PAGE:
AST (aspartate aminotransferase) is an enzyme found in high amounts in heart muscle and liver and skeletal muscle cells. It is also found in lesser amounts in other tissues.
This article discusses the test to measure the amount of AST in the blood.
Aspartate aminotransferase; Serum glutamic-oxaloacetic transaminase; SGOT
Blood is typically drawn from a vein, usually from the inside of the elbow or the back of the hand. The site is cleaned with germ-killing medicine (antiseptic). The health care provider wraps an elastic band around the upper arm to apply pressure to the area and make the vein swell with blood.
Next, the health care provider gently inserts a needle into the vein. The blood collects into an airtight vial or tube attached to the needle. The elastic band is removed from your arm.
Once the blood has been collected, the needle is removed, and the puncture site is covered to stop any bleeding.
In infants or young children, a sharp tool called a lancet may be used to puncture the skin and make it bleed. The blood collects into a small glass tube called a pipette, or onto a slide or test strip. A bandage may be placed over the area if there is any bleeding.
When the needle is inserted to draw blood, some people feel moderate pain, while others feel only a prick or stinging sensation. Afterward, there may be some throbbing.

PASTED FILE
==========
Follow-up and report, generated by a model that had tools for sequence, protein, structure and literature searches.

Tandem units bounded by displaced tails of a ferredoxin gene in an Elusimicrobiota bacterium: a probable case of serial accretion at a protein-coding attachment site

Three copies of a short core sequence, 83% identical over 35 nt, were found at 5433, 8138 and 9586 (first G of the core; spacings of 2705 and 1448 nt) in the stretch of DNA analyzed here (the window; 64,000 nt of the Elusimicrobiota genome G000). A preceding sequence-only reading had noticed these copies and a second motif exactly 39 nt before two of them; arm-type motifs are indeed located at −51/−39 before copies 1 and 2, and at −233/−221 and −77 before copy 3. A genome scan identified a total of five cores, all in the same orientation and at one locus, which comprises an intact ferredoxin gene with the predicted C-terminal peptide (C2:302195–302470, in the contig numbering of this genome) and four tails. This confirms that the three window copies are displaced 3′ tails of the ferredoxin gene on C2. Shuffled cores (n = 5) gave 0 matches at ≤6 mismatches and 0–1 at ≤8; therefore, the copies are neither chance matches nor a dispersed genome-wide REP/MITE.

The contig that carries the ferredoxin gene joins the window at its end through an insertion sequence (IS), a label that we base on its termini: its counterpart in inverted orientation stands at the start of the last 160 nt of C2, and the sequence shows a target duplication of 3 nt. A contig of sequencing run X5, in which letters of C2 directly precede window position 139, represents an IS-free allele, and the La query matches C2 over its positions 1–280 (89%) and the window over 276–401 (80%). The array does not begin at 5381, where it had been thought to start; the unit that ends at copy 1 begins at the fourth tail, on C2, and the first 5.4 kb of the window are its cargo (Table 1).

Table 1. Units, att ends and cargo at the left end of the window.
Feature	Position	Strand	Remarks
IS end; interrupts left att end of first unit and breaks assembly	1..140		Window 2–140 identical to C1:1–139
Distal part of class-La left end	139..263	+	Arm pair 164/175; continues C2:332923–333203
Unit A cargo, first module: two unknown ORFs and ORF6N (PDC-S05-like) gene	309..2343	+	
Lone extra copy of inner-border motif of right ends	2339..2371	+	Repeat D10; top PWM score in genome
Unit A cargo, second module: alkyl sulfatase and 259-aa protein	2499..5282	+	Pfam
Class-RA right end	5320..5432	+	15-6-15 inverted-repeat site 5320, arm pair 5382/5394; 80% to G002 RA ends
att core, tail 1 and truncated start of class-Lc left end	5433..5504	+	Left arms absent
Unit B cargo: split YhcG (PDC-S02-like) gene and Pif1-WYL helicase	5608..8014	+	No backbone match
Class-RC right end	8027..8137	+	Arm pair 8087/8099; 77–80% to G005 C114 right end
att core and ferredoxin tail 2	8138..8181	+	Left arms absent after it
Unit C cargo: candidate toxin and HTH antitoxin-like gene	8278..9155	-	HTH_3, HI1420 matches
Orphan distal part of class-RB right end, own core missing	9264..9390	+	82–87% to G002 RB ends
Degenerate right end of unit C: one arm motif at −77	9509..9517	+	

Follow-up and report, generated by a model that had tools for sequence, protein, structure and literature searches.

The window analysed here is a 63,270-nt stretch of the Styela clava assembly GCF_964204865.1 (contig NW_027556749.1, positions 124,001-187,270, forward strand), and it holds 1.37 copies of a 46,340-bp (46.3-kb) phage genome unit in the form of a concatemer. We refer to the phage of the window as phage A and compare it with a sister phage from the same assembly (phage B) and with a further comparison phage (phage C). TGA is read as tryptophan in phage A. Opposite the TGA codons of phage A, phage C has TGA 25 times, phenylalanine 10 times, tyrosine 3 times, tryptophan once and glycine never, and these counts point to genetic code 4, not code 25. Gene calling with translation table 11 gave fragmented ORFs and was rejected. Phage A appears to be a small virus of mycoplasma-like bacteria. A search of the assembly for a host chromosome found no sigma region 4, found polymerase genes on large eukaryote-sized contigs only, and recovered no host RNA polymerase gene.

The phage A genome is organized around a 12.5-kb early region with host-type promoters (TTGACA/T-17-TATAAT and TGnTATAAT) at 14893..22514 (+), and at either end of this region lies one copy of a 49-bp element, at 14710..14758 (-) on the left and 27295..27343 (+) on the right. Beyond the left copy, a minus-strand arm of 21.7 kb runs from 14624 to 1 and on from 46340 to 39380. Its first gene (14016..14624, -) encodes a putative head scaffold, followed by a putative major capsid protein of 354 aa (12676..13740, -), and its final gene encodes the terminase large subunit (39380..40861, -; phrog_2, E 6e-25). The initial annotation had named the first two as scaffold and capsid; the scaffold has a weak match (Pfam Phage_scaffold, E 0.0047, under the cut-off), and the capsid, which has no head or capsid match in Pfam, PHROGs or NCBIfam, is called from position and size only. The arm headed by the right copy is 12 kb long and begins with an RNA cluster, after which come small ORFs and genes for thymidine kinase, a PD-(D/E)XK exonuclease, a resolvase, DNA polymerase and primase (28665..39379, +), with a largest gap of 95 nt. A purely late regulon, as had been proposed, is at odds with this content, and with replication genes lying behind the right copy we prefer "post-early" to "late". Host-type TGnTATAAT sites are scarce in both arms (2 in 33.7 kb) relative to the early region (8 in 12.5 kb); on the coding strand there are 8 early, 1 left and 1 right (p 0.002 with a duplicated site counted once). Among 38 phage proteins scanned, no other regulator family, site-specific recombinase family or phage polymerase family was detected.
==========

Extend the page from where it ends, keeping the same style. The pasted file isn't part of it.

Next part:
This test is mainly done along with other tests (such as ALT, ALP, and bilirubin) to diagnose and monitor liver disease.
The normal range is 10 to 34 IU/L.
Note: IU/L = international units per liter
Diseases that affect liver cells increase the levels of AST. However, increased levels of AST alone do not specifically indicate liver disease.
An increase in AST levels may indicate:
Other risks associated with having blood drawn are slight but may include:
- Excessive bleeding
- Fainting or feeling light-headed
- Hematoma (blood accumulating under the skin)
- Infection (a slight risk any time the skin is broken)
AST levels may rise during pregnancy and after exercise.
Berk PD, Korenblat KM. Approach to the patient with jaundice or abnormal liver test results. In: Goldman L, Ausiello D, eds. Cecil Medicine. 23rd ed. Philadelphia, Pa: Saunders Elsevier; 2007:chap 150.
Review Date: 2/23/2009
Reviewed By: David C. Dugdale, III, MD, Professor of Medicine, Division of General Medicine, Department of Medicine, University of Washington School of Medicine. Also reviewed by David Zieve, MD, MHA, Medical Director, A.D.A.M., Inc.
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